About the Foundation

Bioresource Science & Engineering (BSE), initially titled Pulp and Paper Technology (PPT) and subsequently Paper Science and Engineering (PSE), was established in the College of Forest Resources and as a degree program at the University of Washington in 1965. The College of Forest Resources is now the School of Environmental and Forest Sciences, and the development of the BSE degree came with increased industry activity to investigate the transformation of bioresources into many alternative products, e.g., fuel, chemicals, as well as more traditional pulp and paper end uses.

The Washington Pulp & Paper Foundation (WPPF), a 501(c)3 nonprofit organization, was incorporated in 1968.

2016 Annual Report
2016-2020 Five-Year Plan

The purpose of WPPF is to attract and support exceptional BSE students and provide the industry and its allied partners a pipeline of highly qualified engineering graduates who understand and are dedicated to the industry.

BSE graduates "hit the ground running" and have an exceptional record of commitment and contribution to their employers. Of the more than 600 students who have graduated from the program, more than 400 have chosen careers in the pulp, paper and allied industries.

BSE is a fully accredited, rigorous engineering degree program. Accreditation is through ABET (Accreditation Board for Engineering and Technology). As an engineering program, its curriculum is similar to other engineering degree programs at the University of Washington, especially Chemical Engineering.(For example, the first two years are very similar for all of the engineering disciplines, both at UW and the state's community colleges.)

The UW’s BSE program is the only such program west of the Mississippi River. Eight other U.S. colleges and universities have similar degree programs, and some have relationships with foundations similar to the WPPF:

Academic scholarships offered by the poundation are an important feature to attract excellent students. For the 2014-2015 academic year, these scholarships provided $3,000-5,000 to resident students. Students entering the UW for the first time, e.g. freshmen and community college transfers, are also eligible to apply for a $10,000 award for their first year of study. The scholarships are renewable year-to year subject to academic performance, and are extended to cover a double degree with Chemical Engineering for students who qualify.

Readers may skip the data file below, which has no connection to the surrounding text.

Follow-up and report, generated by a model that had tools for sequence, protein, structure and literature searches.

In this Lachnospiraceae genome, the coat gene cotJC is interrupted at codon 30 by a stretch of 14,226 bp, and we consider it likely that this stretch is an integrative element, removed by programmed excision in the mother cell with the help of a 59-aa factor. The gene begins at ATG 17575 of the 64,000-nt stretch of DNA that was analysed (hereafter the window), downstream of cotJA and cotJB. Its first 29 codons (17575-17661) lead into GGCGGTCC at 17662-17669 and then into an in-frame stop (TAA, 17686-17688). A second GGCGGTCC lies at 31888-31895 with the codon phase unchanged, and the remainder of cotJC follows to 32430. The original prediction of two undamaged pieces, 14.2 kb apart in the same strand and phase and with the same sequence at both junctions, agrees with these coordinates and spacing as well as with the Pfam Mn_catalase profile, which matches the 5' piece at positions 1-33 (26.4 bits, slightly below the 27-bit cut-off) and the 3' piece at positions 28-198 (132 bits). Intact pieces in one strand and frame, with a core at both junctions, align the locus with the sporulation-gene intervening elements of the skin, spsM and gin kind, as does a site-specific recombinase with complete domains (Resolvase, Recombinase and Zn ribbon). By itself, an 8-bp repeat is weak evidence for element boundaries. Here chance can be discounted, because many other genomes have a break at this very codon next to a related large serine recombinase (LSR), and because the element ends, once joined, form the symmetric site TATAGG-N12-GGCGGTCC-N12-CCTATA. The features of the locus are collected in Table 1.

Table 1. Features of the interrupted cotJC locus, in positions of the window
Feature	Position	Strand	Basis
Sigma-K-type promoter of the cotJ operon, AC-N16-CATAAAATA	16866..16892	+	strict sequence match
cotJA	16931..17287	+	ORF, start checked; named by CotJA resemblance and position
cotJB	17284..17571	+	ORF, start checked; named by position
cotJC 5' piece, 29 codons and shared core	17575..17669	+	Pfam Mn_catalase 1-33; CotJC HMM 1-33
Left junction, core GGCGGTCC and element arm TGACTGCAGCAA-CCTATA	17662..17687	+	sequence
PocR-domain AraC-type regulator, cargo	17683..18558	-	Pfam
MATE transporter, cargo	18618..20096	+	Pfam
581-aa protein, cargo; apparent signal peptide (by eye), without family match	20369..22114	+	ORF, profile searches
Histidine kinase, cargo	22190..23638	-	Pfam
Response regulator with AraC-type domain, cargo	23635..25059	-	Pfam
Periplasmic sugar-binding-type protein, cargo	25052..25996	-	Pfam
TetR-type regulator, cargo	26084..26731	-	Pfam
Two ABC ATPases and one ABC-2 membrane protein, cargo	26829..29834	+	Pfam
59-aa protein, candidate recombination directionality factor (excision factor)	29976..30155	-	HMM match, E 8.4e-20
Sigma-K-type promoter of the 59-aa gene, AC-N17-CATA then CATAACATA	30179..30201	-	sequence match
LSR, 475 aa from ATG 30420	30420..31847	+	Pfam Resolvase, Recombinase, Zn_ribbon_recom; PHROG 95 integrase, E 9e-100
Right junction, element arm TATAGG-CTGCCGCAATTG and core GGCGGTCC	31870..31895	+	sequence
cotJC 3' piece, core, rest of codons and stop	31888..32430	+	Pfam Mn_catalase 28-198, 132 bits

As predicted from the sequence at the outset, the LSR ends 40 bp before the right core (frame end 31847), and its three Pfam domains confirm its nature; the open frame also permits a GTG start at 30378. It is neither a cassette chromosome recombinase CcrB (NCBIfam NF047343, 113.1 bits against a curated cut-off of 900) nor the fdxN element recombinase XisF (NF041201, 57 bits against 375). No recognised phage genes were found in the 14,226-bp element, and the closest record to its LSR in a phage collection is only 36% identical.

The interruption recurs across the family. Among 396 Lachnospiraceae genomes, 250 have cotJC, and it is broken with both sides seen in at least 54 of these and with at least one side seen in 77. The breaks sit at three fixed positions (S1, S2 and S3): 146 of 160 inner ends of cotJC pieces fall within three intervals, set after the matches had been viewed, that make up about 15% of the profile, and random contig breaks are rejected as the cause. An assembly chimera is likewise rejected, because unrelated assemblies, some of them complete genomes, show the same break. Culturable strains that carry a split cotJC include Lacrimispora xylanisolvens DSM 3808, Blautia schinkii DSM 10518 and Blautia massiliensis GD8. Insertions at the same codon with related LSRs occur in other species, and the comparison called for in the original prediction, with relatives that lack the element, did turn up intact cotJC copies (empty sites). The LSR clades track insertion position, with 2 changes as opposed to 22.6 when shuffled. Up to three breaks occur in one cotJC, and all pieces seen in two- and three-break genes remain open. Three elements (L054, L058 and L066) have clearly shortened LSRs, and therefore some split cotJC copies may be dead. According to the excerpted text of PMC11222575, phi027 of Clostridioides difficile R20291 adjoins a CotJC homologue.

Other benefits of the BSE degree and its relationship with the WPPF are:

  • Intern and cooperative positions in industry
  • Small class sizes
  • A department that cares
  • Essentially 100 percent success placing graduates during its 45-year history

The funds for the BSE scholarships and operating costs of the foundation are provided by annual contributions from more than 50 member companies and returns from the foundation's endowment. Our member companies contributed more than $160,000 in 2013. Member companies represented the following business areas: pulp and producers; equipment and chemical suppliers; engineering services; and process control and utilities. As of 2013, the foundation's endowment was approximately $2.5 million in value and generated annual funds of about $100,000.

The WPPF and BSE have remained committed to bring dedicated, talented and highly qualified young people into the expanding universe of bioresource conversion industries.

2017-18 WPPF Fact Sheet